This female-fronted act sing in Italian (but the CD booklet offers English lyric translations that will open up this work to a much wider audience), and a lazy comparison would be that they most resemble modern groups such as latter-day Anathema, Hogarth-era Marillion, Steven Wilson/Porcupine Tree and perhaps even Frequency Drift or Riverside, meaning sleek guitar- driven atmospheric/alternative rock music with a slick polish and constant emotional resonance. Magnolia favour tightly- written tunes over flashy drawn-out soloing, yet one of their greatest skills is delivering compact instrumental passages anchored to the core of the songs with the purpose of prime dramatic effect at just the right moment.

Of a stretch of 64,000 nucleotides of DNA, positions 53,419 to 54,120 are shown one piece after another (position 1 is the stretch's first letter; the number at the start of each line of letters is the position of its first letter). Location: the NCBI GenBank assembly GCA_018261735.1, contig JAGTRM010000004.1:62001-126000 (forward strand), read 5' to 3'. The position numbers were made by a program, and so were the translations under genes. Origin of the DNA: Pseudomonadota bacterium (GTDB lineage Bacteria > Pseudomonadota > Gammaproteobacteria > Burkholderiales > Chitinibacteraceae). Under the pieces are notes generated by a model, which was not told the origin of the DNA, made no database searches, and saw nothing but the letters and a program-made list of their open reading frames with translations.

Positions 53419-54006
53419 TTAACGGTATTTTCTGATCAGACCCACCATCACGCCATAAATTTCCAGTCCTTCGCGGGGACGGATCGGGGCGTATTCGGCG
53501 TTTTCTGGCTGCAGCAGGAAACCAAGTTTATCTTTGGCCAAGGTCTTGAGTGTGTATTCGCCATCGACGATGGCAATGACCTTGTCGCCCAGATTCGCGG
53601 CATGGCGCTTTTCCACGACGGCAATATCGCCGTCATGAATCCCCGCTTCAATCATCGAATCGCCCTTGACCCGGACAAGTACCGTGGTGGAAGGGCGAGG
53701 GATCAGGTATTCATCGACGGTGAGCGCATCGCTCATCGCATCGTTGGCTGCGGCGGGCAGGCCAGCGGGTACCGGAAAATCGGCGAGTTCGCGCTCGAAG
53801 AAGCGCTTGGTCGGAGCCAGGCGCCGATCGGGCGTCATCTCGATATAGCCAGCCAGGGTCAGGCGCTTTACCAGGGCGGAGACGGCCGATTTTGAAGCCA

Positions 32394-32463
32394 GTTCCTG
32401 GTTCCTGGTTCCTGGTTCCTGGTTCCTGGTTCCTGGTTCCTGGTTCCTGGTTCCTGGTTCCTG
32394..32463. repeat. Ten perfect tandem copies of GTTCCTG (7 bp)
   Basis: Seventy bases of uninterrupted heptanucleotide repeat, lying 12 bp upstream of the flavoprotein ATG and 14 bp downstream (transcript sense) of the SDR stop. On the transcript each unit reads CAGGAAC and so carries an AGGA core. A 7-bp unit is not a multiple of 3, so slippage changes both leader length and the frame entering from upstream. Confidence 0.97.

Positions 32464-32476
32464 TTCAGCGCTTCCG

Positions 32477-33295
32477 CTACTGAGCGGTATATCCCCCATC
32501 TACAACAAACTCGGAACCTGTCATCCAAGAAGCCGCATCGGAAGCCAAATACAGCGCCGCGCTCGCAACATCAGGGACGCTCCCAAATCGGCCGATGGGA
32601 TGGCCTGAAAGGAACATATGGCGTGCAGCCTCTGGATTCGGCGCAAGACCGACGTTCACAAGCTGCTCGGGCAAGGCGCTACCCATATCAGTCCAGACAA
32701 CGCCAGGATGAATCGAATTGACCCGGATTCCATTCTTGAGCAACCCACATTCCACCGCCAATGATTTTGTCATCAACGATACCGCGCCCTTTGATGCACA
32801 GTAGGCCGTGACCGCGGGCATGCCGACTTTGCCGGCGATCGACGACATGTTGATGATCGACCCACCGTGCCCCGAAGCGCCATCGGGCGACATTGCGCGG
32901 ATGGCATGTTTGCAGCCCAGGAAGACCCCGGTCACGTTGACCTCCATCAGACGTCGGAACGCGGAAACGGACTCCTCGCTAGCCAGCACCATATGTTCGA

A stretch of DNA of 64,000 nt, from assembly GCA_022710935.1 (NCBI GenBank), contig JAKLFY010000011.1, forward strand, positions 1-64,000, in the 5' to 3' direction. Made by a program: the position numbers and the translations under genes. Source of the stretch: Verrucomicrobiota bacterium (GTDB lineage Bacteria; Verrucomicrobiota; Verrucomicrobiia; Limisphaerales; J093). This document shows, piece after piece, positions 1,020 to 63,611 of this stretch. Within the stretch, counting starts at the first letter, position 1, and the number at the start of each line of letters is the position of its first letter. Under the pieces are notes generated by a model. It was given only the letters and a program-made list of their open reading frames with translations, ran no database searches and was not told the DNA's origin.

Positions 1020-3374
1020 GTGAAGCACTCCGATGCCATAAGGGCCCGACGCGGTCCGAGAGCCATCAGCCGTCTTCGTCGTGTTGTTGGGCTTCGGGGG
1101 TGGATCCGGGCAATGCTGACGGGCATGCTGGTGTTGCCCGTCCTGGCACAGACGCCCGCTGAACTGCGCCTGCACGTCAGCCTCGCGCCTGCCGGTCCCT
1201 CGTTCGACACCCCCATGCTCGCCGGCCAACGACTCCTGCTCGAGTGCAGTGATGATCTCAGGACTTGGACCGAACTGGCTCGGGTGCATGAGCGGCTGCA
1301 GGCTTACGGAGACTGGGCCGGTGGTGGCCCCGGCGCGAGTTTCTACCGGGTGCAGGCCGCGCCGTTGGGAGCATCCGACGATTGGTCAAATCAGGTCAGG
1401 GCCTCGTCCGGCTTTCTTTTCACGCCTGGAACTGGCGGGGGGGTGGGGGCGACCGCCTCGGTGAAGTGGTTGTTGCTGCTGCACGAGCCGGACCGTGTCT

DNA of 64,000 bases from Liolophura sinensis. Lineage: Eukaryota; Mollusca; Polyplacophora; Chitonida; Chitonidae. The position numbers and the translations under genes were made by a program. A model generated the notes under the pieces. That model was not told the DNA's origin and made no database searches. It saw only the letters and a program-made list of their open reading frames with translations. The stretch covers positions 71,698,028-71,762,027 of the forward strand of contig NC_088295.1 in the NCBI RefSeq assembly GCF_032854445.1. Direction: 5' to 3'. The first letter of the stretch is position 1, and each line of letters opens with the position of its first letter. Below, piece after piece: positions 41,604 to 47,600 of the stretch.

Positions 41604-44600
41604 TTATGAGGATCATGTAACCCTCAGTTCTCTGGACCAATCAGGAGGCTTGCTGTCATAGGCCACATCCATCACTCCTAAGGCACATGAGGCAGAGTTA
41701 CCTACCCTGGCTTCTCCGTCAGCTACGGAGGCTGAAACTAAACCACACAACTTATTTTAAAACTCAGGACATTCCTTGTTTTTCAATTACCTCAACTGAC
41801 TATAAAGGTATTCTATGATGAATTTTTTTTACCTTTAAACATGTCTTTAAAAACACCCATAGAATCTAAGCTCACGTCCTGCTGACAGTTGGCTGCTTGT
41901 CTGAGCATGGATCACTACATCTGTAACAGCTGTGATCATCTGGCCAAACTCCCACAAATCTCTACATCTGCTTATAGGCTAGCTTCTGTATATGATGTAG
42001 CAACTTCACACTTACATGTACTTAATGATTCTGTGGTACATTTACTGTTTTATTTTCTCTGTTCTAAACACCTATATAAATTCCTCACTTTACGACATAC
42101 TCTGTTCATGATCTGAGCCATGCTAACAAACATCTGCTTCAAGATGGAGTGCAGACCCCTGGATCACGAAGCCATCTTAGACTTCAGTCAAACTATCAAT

Having said all that, the disc opens with an instrumental, the introductory title-track being a burst of stark piano, crashing drums and weeping Pink Floyd-ian guitar strains all swelling around sighing mantra-like wordless group harmonies. It quickly blurs into an collage of news report soundbites that bleed straight into urgent up-tempo rocker `Rivolta'. A call to action and revolt, it's all strident drum tantrums, plodding riffing and icy slivers of cooled synths, and Chiara Gironi's impassioned and scathing lead vocal snarls `If they feel you cannot breathe, they'll call it the `best air ever', see them gorging on the toil of the many just to sate their black-hole souls' - easy listening, eh?! Much of `La Citta della Notte' is a sombre and lyrically weary acoustic ballad with electric bursts that instantly calls to mind the above mentioned Marillion with a touch of overwhelming spectral moodiness, and `Gea', one of the standout tunes, is a hopeful and powerfully defiant respite that effortlessly switches tempo changes around a smart poppy chorus.